Westside Wetlands: Ballona Marshes Offer an Urban Escape
Photo by David Lockeretz of Nobody Hikes in L.A.
It may seem hard to believe that there’s any kind of nature to be seen near LAX, but just a few miles up Lincoln Boulevard from the airport, that’s exactly what you’ll find.
Ballona Creek runs west into the ocean, starting almost ten miles inland. Near the mouth of the creek, it widens and forms both freshwater and saltwater marshes. Runoff from the nearby Baldwin Hills fills the basin. Spring is a particularly attractive time to visit the wetlands, although it’s a nice place to take a break during any season. Wildlife here includes ducks, egrets, geese, hawks and more.
Several of the trails are accessible only by guided tours (visit Ballona Friends' website for more information) but a public trail, open from dawn until dusk, runs around the perimeter of the marsh, paralleling Jefferson and Lincoln. While the trail doesn’t allow many close-up views of the marsh, it is a pleasant walk, especially at sunset, and it may well inspire visitors to get out and explore more natural areas around Los Angeles. There is also a trail (currently being renovated) on the east side of Lincoln, accessible from Playa Vista Park, and a Discovery Park slated to open later in 2012.
The main trail is approximately a mile long. Interpretive plaques provide information about the habitat; benches allow visitors to rest and enjoy the scenery. On the section of the trail paralleling Jefferson, you can see the Santa Monica Mountains and even a few glimpses of the San Gabriels on clear days. The trail then turns right and follows Lincoln. This portion is a little quieter; the trail is set back a few feet from the street. You can see the marshes well during this stretch. Eventually the trail splits, with the left fork joining Lincoln and the right fork dead-ending at a fence. This is all you can do on your own, but with a guided tour, you can explore more of these wetlands.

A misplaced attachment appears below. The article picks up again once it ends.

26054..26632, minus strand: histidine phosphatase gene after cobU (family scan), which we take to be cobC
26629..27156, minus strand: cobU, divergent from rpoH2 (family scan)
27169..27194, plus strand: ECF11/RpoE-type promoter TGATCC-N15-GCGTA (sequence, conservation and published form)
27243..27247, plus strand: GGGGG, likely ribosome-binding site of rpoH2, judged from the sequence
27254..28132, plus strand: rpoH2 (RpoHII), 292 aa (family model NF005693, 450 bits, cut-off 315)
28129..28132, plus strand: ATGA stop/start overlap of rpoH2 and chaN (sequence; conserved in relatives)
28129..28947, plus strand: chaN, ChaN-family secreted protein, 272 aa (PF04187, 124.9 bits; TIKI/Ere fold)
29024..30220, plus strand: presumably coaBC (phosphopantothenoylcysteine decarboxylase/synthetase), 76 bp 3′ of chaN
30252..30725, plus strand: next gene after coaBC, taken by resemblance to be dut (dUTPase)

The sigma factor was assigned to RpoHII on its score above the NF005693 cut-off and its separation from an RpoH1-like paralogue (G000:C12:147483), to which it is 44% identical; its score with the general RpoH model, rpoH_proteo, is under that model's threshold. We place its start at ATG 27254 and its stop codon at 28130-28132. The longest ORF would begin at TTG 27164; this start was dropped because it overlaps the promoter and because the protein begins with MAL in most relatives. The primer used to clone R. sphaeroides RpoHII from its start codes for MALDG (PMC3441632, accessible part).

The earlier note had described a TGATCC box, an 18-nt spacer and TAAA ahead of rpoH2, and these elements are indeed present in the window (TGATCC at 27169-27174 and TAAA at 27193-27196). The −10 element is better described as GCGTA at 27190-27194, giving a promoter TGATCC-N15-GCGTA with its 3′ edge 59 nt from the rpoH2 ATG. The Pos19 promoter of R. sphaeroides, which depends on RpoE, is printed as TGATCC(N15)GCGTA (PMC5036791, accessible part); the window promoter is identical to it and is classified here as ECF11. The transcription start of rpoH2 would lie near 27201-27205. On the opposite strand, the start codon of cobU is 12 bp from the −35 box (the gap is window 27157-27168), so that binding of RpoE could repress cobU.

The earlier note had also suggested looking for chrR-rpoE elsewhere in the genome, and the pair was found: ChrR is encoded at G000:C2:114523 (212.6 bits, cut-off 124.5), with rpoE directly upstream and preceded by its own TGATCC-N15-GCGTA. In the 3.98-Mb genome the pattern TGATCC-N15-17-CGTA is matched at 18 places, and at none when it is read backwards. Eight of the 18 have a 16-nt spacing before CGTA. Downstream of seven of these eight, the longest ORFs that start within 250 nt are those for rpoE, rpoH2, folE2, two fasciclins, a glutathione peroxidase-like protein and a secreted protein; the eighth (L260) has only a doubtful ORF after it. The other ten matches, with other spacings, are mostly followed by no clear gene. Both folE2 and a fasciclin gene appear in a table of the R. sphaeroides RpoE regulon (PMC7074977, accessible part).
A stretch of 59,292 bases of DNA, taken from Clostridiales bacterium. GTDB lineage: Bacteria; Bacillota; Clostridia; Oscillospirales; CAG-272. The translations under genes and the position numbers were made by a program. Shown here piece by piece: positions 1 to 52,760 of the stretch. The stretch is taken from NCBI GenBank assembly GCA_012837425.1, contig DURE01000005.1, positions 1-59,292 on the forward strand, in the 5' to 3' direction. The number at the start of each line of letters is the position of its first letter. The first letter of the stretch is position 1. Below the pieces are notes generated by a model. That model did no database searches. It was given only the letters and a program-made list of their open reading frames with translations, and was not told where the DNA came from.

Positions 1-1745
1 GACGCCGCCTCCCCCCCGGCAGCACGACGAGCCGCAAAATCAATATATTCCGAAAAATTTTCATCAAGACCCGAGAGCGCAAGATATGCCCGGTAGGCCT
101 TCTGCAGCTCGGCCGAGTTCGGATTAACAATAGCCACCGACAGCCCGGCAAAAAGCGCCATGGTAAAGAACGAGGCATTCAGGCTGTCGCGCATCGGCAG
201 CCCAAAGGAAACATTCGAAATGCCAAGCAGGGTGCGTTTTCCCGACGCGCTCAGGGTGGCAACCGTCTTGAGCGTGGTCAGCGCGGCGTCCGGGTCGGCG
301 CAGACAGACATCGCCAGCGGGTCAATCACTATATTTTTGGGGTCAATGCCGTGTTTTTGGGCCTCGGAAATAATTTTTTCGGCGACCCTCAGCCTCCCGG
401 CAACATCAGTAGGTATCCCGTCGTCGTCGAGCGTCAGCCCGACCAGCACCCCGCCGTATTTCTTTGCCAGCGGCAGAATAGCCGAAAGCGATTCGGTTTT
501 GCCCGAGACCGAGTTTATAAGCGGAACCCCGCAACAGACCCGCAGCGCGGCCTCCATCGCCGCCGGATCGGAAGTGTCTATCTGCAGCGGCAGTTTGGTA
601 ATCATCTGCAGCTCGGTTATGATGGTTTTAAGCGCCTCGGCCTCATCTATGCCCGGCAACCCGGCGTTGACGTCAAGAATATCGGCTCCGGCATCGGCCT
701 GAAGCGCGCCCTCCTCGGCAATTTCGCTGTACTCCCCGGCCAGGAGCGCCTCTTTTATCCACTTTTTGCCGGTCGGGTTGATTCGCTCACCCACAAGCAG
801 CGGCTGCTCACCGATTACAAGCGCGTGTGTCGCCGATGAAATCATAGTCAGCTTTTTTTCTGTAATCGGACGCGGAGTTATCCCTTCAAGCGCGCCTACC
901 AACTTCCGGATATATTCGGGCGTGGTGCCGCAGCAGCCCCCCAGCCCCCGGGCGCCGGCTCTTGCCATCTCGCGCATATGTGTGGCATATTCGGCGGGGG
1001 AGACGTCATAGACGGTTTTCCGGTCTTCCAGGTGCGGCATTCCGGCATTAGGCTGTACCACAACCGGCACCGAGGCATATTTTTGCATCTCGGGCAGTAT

Parking is free, and available on the south side of Jefferson, west of Lincoln. From I-405, take the 90 Freeway west to Culver Blvd. Turn left (southwest) on Culver, and go 1.2 miles to the intersection with Jefferson. Take a hairpin left on Jefferson and park along the side of the street.
Like other coastal wetlands in the area, the Ballona Creek marshes are a unique glimpse into Southern California’s past. They are a nice place to come for a walk, to observe wildlife or to have some quiet time. It’s easy to pass them by, but if you decide to stop and visit, you’ll be glad you did. As you look out at the homes perched on the bluffs on the south side of the marsh, you’ll be thankful that this little pocket of open space has been preserved.